US8646483B2 (en) 2010-12-31 2014-02-11 Halliburton Energy Services, Inc. Cross-flow fluidic oscillators for use with a subterranean well
US8733401B2 (en) 2010-12-31 2014-05-27 Halliburton Energy Services, Inc. Cone and plate fluidic oscillator inserts for use with a subterranean well
US8418725B2 (en) 2010-12-31 2013-04-16 Halliburton Energy Services, Inc. Fluidic oscillators for use with a subterranean well
US8807231B2 (en) * 2011-01-17 2014-08-19 Weatherford/Lamb, Inc. Debris barrier assembly
US8662162B2 (en) 2011-02-03 2014-03-04 Baker Hughes Incorporated Segmented collapsible ball seat allowing ball recovery
US8596365B2 (en) * 2011-02-04 2013-12-03 Halliburton Energy Services, Inc. Resettable pressure cycle-operated production valve and method
US8662179B2 (en) 2011-02-21 2014-03-04 Halliburton Energy Services, Inc. Remotely operated production valve and method
US8403052B2 (en) 2011-03-11 2013-03-26 Halliburton Energy Services, Inc. Flow control screen assembly having remotely disabled reverse flow control capability
US8678035B2 (en) 2011-04-11 2014-03-25 Halliburton Energy Services, Inc. Selectively variable flow restrictor for use in a subterranean well
US8631876B2 (en) 2011-04-28 2014-01-21 Baker Hughes Incorporated Method of making and using a functionally gradient composite tool
US9080098B2 (en) 2011-04-28 2015-07-14 Baker Hughes Incorporated Functionally gradient composite article
US9139928B2 (en) 2011-06-17 2015-09-22 Baker Hughes Incorporated Corrodible downhole article and method of removing the article from downhole environment
US8485225B2 (en) 2011-06-29 2013-07-16 Halliburton Energy Services, Inc. Flow control screen assembly having remotely disabled reverse flow control capability
CA2840716C (en) * 2011-07-06 2019-09-03 Shell Internationale Research Maatschappij B.V. System and method for injecting a treatment fluid into a wellbore and a treatment fluid injection valve
US8844651B2 (en) 2011-07-21 2014-09-30 Halliburton Energy Services, Inc. Three dimensional fluidic jet control
US9707739B2 (en) 2011-07-22 2017-07-18 Baker Hughes Incorporated Intermetallic metallic composite, method of manufacture thereof and articles comprising the same
US9643250B2 (en) 2011-07-29 2017-05-09 Baker Hughes Incorporated Method of controlling the corrosion rate of alloy particles, alloy particle with controlled corrosion rate, and articles comprising the particle
US9833838B2 (en) 2011-07-29 2017-12-05 Baker Hughes, A Ge Company, Llc Method of controlling the corrosion rate of alloy particles, alloy particle with controlled corrosion rate, and articles comprising the particle
US9057242B2 (en) 2011-08-05 2015-06-16 Baker Hughes Incorporated Method of controlling corrosion rate in downhole article, and downhole article having controlled corrosion rate
US9033055B2 (en) 2011-08-17 2015-05-19 Baker Hughes Incorporated Selectively degradable passage restriction and method
US9523261B2 (en) * 2011-08-19 2016-12-20 Weatherford Technology Holdings, Llc High flow rate multi array stimulation system
US8863835B2 (en) 2011-08-23 2014-10-21 Halliburton Energy Services, Inc. Variable frequency fluid oscillators for use with a subterranean well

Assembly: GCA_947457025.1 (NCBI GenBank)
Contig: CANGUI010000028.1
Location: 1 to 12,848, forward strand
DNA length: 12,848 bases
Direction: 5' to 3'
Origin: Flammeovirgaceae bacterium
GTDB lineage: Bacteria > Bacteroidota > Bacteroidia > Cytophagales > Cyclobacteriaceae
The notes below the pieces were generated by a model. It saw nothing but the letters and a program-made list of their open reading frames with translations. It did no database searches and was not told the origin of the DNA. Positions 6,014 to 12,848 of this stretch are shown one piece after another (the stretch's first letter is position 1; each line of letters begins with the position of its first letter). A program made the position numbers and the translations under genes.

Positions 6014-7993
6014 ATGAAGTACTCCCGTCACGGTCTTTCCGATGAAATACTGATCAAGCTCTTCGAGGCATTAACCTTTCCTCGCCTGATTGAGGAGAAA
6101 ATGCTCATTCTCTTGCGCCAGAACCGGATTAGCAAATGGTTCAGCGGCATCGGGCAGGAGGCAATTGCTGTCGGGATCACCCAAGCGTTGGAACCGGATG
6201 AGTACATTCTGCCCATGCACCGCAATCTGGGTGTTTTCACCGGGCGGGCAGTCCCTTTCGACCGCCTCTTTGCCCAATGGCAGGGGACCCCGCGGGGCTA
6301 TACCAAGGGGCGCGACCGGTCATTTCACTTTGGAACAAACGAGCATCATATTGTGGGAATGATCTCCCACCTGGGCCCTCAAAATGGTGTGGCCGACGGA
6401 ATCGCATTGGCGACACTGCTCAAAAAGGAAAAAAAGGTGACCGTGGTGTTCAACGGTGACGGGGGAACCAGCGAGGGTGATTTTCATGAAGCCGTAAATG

US9856547B2 (en) 2011-08-30 2018-01-02 Bakers Hughes, A Ge Company, Llc Nanostructured powder metal compact
US9109269B2 (en) 2011-08-30 2015-08-18 Baker Hughes Incorporated Magnesium alloy powder metal compact
US9090956B2 (en) 2011-08-30 2015-07-28 Baker Hughes Incorporated Aluminum alloy powder metal compact
US9643144B2 (en) 2011-09-02 2017-05-09 Baker Hughes Incorporated Method to generate and disperse nanostructures in a composite material
US9133695B2 (en) 2011-09-03 2015-09-15 Baker Hughes Incorporated Degradable shaped charge and perforating gun system
US9347119B2 (en) 2011-09-03 2016-05-24 Baker Hughes Incorporated Degradable high shock impedance material
US9187990B2 (en) 2011-09-03 2015-11-17 Baker Hughes Incorporated Method of using a degradable shaped charge and perforating gun system
US8955585B2 (en) 2011-09-27 2015-02-17 Halliburton Energy Services, Inc. Forming inclusions in selected azimuthal orientations from a casing section
US9506320B2 (en) 2011-11-07 2016-11-29 Halliburton Energy Services, Inc. Variable flow resistance for use with a subterranean well
US8739880B2 (en) 2011-11-07 2014-06-03 Halliburton Energy Services, P.C. Fluid discrimination for use with a subterranean well
US9771775B2 (en) 2011-11-08 2017-09-26 Shell Oil Company Valve for a hydrocarbon well, hydrocarbon well provided with such valve and use of such valve
US9238953B2 (en) 2011-11-08 2016-01-19 Schlumberger Technology Corporation Completion method for stimulation of multiple intervals
US8684094B2 (en) 2011-11-14 2014-04-01 Halliburton Energy Services, Inc. Preventing flow of undesired fluid through a variable flow resistance system in a well
US9010416B2 (en) 2012-01-25 2015-04-21 Baker Hughes Incorporated Tubular anchoring system and a seat for use in the same
US9068428B2 (en) 2012-02-13 2015-06-30 Baker Hughes Incorporated Selectively corrodible downhole article and method of use
WO2013120837A1 (en) 2012-02-14 2013-08-22 Shell Internationale Research Maatschappij B.V. Method for producing hydrocarbon gas from a wellbore and valve assembly
US20150027716A1 (en) * 2012-02-27 2015-01-29 Completion Products Pte Ltd Inflow control device
US9605508B2 (en) 2012-05-08 2017-03-28 Baker Hughes Incorporated Disintegrable and conformable metallic seal, and method of making the same
US9725985B2 (en) 2012-05-31 2017-08-08 Weatherford Technology Holdings, Llc Inflow control device having externally configurable flow ports
US9650851B2 (en) 2012-06-18 2017-05-16 Schlumberger Technology Corporation Autonomous untethered well object
US9145980B2 (en) * 2012-06-25 2015-09-29 Baker Hughes Incorporated Redundant actuation system
US10233724B2 (en) * 2012-12-19 2019-03-19 Schlumberger Technology Corporation Downhole valve utilizing degradable material